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The Grass Should be Greener: preserving Montreal’s green spaces

Lily Massé


Credit: Les Amis du Parc Meadowbrook

Greenspace is a pillar of environmental wellbeing in Montreal while also being an essential part of mental and physical health for citizens. Parks are a tiny oasis amidst the chaos of our big city, a place where locals can exercise and get fresh air, sit in the grass, and read a good book or connect with friends and family.

The trouble is, these areas are limited and shrinking rapidly. A 2019 CBC article revealed that the 2.4 hectares of green space per 1000 Montrealers are inadequate and shockingly low compared to other cities in the country. The development and destruction of the island’s green spaces are pressing concerns.

Greenspace preservation is a passion for environment enthusiast Dan Boulerice, a proud team member at Les Amis du Parc Meadowbrook. The organization has been fighting against the development of the area since 1989, and Boulerice has been involved for over 20 years. He was drawn to the group when he attended a city meeting regarding the green space, which happened to be one of his favourite jogging and golfing spots.

Meadowbrook is a peaceful 57 hectare 18-hole golf course located on the border of Montreal West. The land originally belonged to Canadian Pacific Railway, which built the golf course for its workers in the 1930s. It later sold for $6 million, but the new (and current) owners found the golf course was not profitable enough to justify not developing the area.

That’s where Les Amis du Parc Meadowbrook comes in. The team consists of about 20 members with hundreds of dedicated supporters who appear at council meetings, make frequent visits to City Hall to protest, preserve briefs during rezoning, write for local newspapers, and more.

Though the members are somewhat divided, some wishing for the land to remain a golf course and others pushing for it to become a park, they all agree on one thing: Meadowbrook must be protected from development. “In the eyes of a lot of people, it [the green space] doesn’t do much,” says Boulerice. But many groups are devoted to proving that green spaces are way more important than people might think.

Lisa Mintz, bird specialist, award-winning environmental activist, and founding member of four preservation groups is co-director of Les Amis du Parc Meadowbrook. Since the 1970s, North America has lost 50% of migrating birds, explains Mintz. “Green spaces are fragmented, and we are losing species all the time,” she says, making it crucial for citizens to push for change. Having run politically twice, Mintz has seen it from both perspectives. “Politicians can’t make changes unless there is a public voice asking or demanding it,” she says. Mintz also shared a 10 point guide with ways for people to contribute! It includes writing a petition, attending city council meetings, and getting support from local groups such as her own. These are things we can all do as individuals, and she is adamant they can impact our city for the better.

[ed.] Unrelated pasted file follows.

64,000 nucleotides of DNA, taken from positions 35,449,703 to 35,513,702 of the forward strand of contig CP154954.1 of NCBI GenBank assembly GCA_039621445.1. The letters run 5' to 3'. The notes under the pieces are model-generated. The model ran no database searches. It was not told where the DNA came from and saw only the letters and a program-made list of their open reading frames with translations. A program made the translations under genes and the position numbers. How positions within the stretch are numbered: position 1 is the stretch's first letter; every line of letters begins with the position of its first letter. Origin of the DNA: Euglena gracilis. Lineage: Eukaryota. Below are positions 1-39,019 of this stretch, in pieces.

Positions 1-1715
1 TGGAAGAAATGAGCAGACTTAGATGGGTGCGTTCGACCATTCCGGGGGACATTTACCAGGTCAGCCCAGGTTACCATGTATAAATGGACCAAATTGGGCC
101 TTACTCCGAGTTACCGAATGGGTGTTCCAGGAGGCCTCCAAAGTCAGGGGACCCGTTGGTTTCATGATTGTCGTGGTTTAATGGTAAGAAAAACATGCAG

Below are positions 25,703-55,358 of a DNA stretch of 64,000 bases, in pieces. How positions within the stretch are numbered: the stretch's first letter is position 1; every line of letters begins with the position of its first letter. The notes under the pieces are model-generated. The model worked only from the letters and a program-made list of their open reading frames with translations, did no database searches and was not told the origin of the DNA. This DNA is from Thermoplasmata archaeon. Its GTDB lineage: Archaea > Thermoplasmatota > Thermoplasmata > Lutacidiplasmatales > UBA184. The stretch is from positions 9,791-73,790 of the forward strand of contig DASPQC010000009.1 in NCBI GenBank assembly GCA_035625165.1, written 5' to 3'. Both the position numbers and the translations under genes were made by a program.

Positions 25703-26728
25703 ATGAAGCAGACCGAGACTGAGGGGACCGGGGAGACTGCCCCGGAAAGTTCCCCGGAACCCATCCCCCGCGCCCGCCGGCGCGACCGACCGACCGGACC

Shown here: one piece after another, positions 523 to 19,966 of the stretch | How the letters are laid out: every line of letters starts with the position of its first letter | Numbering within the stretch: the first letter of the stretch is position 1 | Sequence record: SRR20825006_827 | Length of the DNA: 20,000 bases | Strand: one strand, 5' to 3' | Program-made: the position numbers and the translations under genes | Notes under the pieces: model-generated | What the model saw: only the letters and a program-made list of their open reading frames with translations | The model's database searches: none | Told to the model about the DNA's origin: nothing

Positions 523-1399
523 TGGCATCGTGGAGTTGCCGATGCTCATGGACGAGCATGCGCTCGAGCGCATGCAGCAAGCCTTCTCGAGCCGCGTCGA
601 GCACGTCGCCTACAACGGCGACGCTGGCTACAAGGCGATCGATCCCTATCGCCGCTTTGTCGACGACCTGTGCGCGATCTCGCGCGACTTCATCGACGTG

“If no one says anything, then the developers win. We have way more power than we think!” says Mintz.

Another Meadowbrook partner, Nature Québec, has been dedicated to conserving natural ecosystems in our province since 1981. Like Mintz, they feel strongly about the necessity to protect the area. Marie-Audrey Nadeau Fortin, a member of the organization, says that saving urban green spaces is equally vital as preserving large-scale natural land. She explains that simply protecting them is a “natural climate solution” because natural environments trap CO 2 . This strategy could potentially represent up to 37% of global climate efforts by the end of the decade, but not without preserving our parks!

The fight for Meadowbrook has not been easy, explains Boulerice. One of Les Amis’ notable achievements was having the green space rezoned to recreation. However, this sparked a legal case. Calling it expropriation, the landowner sued the city. Today, the court cases continue and have slowed down the group’s efforts.

The ongoing process has taken a toll on Boulerice and the other members. “For the people who want to develop, it’s their job,” he says, “but the members of Les Amis du Parc Meadowbrook don’t get paid, we have other jobs and interests, we have limited time and energy.” Maintaining motivation has been a challenge for the group.

Most members have been contributing for decades. “It’s mostly boomers like me,” says Boulerice, laughing.“When it’s a long battle after a while people care less,” he says.

Now estimated at $60 million, Meadowbrook’s fate lies in the hands of the court hearing. Like many other beloved green spaces in Montreal, it faces the growing concern of development. So go out and get some signatures, talk to a local councilor, or simply spread the news on your platforms! Every little bit counts.

Interested in getting involved?

Les Amis du Parc Meadowbrook:

Les Amis du Parc Meadowbrook - partners:

- Mintz’s organization, Urbanature Éducation:

- Nature Québec :



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